On the Execution of Timothy McVeigh
David Sweet, Santa Cruz Sentinel (5/16/01)
Today's editorial clamors for the execution of convicted terrorist and mass murderer Timothy McVeigh. Here are some reasons for viewing the proposed state-sponsored ritual of human sacrifice as a miscarriage of justice that should be opposed by citizens of this country:
Put to death, McVeigh will remain in some Americans' memories as a martyr alongside the victims of the Waco massacre he sought to commemorate with his crime;
Imprisoned for life without possibility of parole, he would be a constant reminder encouraging the discussion of issues raised for us as a people by his crime.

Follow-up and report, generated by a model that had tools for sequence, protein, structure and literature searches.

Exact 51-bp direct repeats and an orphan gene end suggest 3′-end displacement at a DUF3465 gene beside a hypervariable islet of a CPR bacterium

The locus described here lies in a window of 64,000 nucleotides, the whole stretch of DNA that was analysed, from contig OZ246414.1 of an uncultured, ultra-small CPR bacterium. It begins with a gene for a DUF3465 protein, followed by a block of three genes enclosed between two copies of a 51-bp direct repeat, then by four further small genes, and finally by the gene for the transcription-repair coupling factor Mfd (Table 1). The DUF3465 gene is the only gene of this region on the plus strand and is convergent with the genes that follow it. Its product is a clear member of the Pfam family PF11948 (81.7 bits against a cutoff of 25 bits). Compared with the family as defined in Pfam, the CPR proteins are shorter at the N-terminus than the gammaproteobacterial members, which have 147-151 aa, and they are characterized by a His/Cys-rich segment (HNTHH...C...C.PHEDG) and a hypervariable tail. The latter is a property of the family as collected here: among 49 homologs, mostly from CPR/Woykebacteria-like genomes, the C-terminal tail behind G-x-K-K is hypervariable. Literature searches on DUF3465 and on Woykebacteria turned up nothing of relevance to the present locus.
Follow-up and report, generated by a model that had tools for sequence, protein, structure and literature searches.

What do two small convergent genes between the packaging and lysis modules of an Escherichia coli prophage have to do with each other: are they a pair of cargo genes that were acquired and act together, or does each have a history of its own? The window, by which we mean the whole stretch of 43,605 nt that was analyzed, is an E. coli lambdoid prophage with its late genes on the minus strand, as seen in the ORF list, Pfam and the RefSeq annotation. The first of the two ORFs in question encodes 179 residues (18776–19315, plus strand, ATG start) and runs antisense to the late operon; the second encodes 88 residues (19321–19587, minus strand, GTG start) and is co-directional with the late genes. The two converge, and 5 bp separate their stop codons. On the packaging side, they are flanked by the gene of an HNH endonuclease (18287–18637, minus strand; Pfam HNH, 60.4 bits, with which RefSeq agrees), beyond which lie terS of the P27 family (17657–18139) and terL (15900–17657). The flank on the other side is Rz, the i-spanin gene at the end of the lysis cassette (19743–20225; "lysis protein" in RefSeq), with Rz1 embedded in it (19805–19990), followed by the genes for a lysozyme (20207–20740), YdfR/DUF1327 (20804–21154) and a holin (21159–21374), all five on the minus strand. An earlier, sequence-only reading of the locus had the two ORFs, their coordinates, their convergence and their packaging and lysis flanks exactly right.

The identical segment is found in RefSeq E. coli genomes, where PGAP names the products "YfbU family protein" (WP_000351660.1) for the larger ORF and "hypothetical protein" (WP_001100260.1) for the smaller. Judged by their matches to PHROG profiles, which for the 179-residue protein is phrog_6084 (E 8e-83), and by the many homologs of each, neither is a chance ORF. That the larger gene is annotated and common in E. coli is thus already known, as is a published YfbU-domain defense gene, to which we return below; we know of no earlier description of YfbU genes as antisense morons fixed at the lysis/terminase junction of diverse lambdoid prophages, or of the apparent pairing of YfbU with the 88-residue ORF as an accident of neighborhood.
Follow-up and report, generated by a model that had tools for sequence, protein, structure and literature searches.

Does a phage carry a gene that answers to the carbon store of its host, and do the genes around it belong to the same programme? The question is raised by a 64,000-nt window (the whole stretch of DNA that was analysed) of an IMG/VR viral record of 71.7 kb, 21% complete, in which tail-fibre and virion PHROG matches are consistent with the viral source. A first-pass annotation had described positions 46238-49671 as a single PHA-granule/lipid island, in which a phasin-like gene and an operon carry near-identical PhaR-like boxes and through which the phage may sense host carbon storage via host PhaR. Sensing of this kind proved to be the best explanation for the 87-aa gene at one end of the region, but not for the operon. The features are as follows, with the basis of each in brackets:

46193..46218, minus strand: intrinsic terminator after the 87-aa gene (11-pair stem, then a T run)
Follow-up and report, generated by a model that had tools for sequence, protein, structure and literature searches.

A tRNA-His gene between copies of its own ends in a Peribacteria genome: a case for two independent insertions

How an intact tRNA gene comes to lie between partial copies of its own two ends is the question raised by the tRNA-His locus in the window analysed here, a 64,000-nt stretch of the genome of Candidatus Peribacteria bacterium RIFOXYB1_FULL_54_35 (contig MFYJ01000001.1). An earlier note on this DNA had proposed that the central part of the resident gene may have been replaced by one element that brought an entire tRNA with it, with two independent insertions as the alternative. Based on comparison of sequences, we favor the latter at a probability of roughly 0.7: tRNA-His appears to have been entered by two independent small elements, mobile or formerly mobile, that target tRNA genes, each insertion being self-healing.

As the most shockingly sociopathic personality of our times, he should be studied closely in the interest of national security, for lessons about how better to socialize alienated young men.
Most Americans profess to follow Jesus of Nazareth, a practitioner of love towards despised persons who was himself the victim of a state-sponsored ritual of human sacrifice.
As is argued eloquently by Bud Welch, the founder of Murder Victims' Families for Reconciliation who lost his daughter in the Oklahoma City bombing, no benefit to McVeigh's victims or their families will accrue from killing him.
Timothy McVeigh, like any other grievous sinner, is capable of self-rehabilitation. We who failed in rearing him, then found him a threat to society and quite appropriately denied him his freedom, in fact owe him that opportunity. There but for the grace of God go we.
Killing is wrong. Revenge killing is base. Both are beneath the dignity of a humane and democratic polity, and send the wrong message to a public already obsessed with killing.